Everyone occasionally feels blue or sad, but these feelings are usually fleeting and pass within a couple of days. When someone has a depressive disorder, it interferes with daily life and normal functioning, and causes pain for both the individual with the disorder and those who care about him/her. Depression is a common but serious illness, and most who have it need treatment to get better.
Depression affects both men and women, but more women than men are likely to be diagnosed with depression in any given year. 6.9% of adults in the U.S.—16 million—had at least one major depressive episode in the past year. In 2015, an estimated 3 million adolescents aged 12 to 17 in the United States had at least one major depressive episode in the past year11. This number represented 12.5% of the U.S. population aged 12 to 1712.
Basic Signs and Symptoms
Individuals with depressive illnesses do not all experience the same symptoms. In addition, the severity and frequency of symptoms, and how long they last, will vary depending on the individual and his/her particular illness. Signs and symptoms of depression include:
- Persistent sad, anxious or “empty” feelings
- Feelings of hopelessness and/or pessimism
- Irritability, restlessness, anxiety
- Feelings of guilt, worthlessness and/or helplessness
- Loss of interest in activities or hobbies once pleasurable, including sex
- Fatigue and decreased energy
- Difficulty concentrating, remembering details and making decisions
- Insomnia, waking up during the night, or excessive sleeping
- Overeating, or appetite loss
- Thoughts of suicide, suicide attempts
- Persistent aches or pains, headaches, cramps or digestive problems that do not ease even with treatment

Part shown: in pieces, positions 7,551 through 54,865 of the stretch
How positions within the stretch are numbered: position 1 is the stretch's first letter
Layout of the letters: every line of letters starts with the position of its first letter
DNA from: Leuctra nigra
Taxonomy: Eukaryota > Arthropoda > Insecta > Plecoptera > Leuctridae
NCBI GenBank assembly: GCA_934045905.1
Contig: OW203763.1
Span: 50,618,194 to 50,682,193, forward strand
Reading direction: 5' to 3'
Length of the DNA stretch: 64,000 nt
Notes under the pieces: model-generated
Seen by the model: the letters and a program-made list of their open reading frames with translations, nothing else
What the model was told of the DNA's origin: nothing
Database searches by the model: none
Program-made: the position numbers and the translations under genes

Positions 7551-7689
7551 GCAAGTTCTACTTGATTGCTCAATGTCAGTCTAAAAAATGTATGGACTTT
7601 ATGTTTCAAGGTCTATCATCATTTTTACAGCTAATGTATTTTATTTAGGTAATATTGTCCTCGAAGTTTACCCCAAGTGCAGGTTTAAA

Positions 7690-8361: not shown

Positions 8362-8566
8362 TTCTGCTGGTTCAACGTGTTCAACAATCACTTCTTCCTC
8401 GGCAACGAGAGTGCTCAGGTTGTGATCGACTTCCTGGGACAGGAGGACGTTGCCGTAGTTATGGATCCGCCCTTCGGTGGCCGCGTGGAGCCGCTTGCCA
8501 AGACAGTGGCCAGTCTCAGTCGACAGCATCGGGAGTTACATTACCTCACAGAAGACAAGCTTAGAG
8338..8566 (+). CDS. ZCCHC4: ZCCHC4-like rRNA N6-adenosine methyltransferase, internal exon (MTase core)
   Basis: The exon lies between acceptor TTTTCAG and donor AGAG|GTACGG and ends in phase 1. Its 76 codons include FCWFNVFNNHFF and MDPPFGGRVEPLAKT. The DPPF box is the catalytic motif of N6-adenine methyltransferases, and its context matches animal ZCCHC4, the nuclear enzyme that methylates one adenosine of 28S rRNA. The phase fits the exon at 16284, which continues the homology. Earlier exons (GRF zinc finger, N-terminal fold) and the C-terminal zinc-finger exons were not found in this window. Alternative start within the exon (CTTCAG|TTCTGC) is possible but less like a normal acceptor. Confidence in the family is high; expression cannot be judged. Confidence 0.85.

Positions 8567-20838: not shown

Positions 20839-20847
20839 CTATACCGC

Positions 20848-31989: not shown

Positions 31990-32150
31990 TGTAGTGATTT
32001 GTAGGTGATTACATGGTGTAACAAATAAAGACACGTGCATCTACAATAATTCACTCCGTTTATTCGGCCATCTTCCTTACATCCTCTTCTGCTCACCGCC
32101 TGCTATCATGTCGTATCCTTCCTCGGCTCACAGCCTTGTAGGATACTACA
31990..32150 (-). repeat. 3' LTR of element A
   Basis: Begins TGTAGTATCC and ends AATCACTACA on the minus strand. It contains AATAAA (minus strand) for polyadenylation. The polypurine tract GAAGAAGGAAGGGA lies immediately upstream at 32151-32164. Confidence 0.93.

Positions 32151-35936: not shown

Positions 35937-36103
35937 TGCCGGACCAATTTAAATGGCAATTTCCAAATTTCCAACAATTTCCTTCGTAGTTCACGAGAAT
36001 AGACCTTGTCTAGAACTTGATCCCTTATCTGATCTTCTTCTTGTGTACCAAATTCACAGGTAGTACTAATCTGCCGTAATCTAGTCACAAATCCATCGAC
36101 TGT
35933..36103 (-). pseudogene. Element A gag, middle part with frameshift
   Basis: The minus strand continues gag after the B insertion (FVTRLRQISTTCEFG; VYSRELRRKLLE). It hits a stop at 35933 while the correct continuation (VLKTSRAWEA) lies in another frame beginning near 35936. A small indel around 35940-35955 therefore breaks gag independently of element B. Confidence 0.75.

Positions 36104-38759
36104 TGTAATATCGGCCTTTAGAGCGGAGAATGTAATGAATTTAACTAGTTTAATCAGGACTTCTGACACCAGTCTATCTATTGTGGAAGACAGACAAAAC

Diagnosis and Treatment
Depressive illnesses, even the most severe cases, are highly treatable disorders. As with many illnesses, the earlier that treatment can begin, the more effective it is and the greater the likelihood that a recurrence of the depression can be prevented.
The first step to getting appropriate treatment is to visit a doctor. Certain medications, and some medical conditions such as viruses or a thyroid disorder, can cause the same symptoms as depression. In addition, it is important to rule out depression that is associated with another mental illness called bipolar disorder. A doctor can rule out these possibilities by conducting a physical examination, interview, and/or lab tests, depending on the medical condition. If a medical condition and bipolar disorder can be ruled out, the physician should conduct a psychological evaluation or refer the person to a mental health professional.
The doctor or mental health professional will conduct a complete diagnostic evaluation. He or she should get a complete history of symptoms, including when they started, how long they have lasted, their severity, whether they have occurred before, and if so, how they were treated. He or she should also ask if there is a family history of depression. In addition, he or she should ask if the person is using alcohol or drugs, and whether the person is thinking about death or suicide.
Once diagnosed, a person with depression can be treated with a number of methods. The most common treatment methods are medication and psychotherapy.